New Church Life NCL May/June 2018 - Page 52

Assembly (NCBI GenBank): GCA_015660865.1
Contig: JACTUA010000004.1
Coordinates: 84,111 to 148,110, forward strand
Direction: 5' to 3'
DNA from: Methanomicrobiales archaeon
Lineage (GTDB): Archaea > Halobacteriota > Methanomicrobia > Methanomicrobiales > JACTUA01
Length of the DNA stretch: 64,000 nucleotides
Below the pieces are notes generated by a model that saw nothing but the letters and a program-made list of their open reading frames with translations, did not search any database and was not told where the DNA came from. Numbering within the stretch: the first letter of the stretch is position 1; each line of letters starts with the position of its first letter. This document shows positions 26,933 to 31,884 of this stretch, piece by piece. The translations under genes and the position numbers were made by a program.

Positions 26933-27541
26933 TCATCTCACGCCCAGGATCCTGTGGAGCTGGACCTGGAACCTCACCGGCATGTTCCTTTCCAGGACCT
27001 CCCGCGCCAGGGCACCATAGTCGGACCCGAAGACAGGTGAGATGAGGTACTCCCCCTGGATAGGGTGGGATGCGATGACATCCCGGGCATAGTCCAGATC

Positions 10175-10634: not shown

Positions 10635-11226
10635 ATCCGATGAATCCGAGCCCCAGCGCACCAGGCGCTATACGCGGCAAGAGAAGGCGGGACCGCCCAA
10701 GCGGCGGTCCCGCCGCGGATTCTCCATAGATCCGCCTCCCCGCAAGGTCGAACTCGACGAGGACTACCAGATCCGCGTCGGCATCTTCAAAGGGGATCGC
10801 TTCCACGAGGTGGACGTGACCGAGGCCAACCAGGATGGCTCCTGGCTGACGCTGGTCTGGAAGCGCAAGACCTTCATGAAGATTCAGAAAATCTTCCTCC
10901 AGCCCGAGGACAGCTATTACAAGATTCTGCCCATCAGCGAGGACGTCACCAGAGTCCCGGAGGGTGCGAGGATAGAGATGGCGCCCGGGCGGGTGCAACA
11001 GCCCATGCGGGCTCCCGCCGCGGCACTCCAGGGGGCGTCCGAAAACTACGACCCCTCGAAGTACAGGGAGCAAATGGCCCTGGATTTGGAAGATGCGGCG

n e w c h u r c h l i f e : m ay / j u n e 2 0 1 8 visits. You’ll be amazed at the quality of conversation they can have! Okay, so I made all of that up. The crazy thing is that while I’m hearing of all sorts of ways robots are going to be integrated into our lives, until recently I hadn’t heard about robots doing religious work. Believe it or not, what I’ve found is that my fictitious opening isn’t as far from reality as I thought. It turns out that in 2016 a Buddhist temple on the edge of Beijing developed a robot monk who can chant mantras and explain basic tenets of faith. It’s about the same height as Yoda – standing two feet tall. While Yoda is green, Xian’er is encased in saffron-yellow robes and has a shaved head. Despite spending much of his time closeted in the spiritual calm of Longquan Temple, he wears an expression of permanent surprise. His purpose is to reach out to people who are more connected to their smartphones than their inner being. Xian’er can answer 20 simple questions, displayed on the touch-screen on his chest, about Buddhism and daily life at the 500-year-old temple. Master Xianfian, a (human) monk at Longquan and Xian’er’s creator, said artificial intelligence could be harnessed to spread Buddhist wisdom in China. The robot made appearances at a number of tech shows, generated a lot of publicity, but apparently now spends most of its life on an office shelf in deep meditation. The Germans weren’t to be outdone in the endeavor to robotize religion. Their robot, called BlessU-2, is intended to trigger debate about the f ɔ)ѡɍѡѕѥѥѕq]݅ѕ)ѼͥȁЁ́ͥѼ͕䁄ȁյ)tͅMѕ-ɕ́ѡAɽѕхЁ ɍ!͔9ͅ԰)ݡ́ѡѥѥٔ) Tȁ̀ԸԁЁх́ɍݥѠ)ɵ́х%Ё́ɕͥ́ɵ͠ɕ)M͠ȁA͠]͔́͡ݕȁٽ)QɽЁɅ͕́́ɵ̰̰́͡ɕѕٕ͔́ͅ胊q)́ɽѕЁԻt%ɕՕѕЁݥɽ٥ɥѽЁ́ݽɑ̸)ɽЁ́م͔ɕݸ+qQ́Ѽɽٽєtͅ-ɕ̸qAɽѡɕЁɔ)ɥ̰͕ѕɕѕQ䁅ɔɕхݥѠаɔٕ)ͥѥٔ Ёͥѡɍͽѡݔ݅ЁѼɕյ)ѽ́ݥѠ̸Q͔ݡɔɍɥѕɔɔɥѥt)єɽݥ͡хɥ̰ѡAɽѕхЁ ɍ)ɽ́ѕѥͥɽ́Ѽѡ Ё䁙ѥѥ)Ѽѡ́ѥ́Յ䁉͕ɕ丁Qӊé͔))ѕѼѡɽɥЁɕѕ́ɽЁqAȻt)Q́յɽЁ́Ё͕ȁɔ́ ՑЁɥЁ)չɅ̸QeٔхѡɵͥЁхЁѼݡ(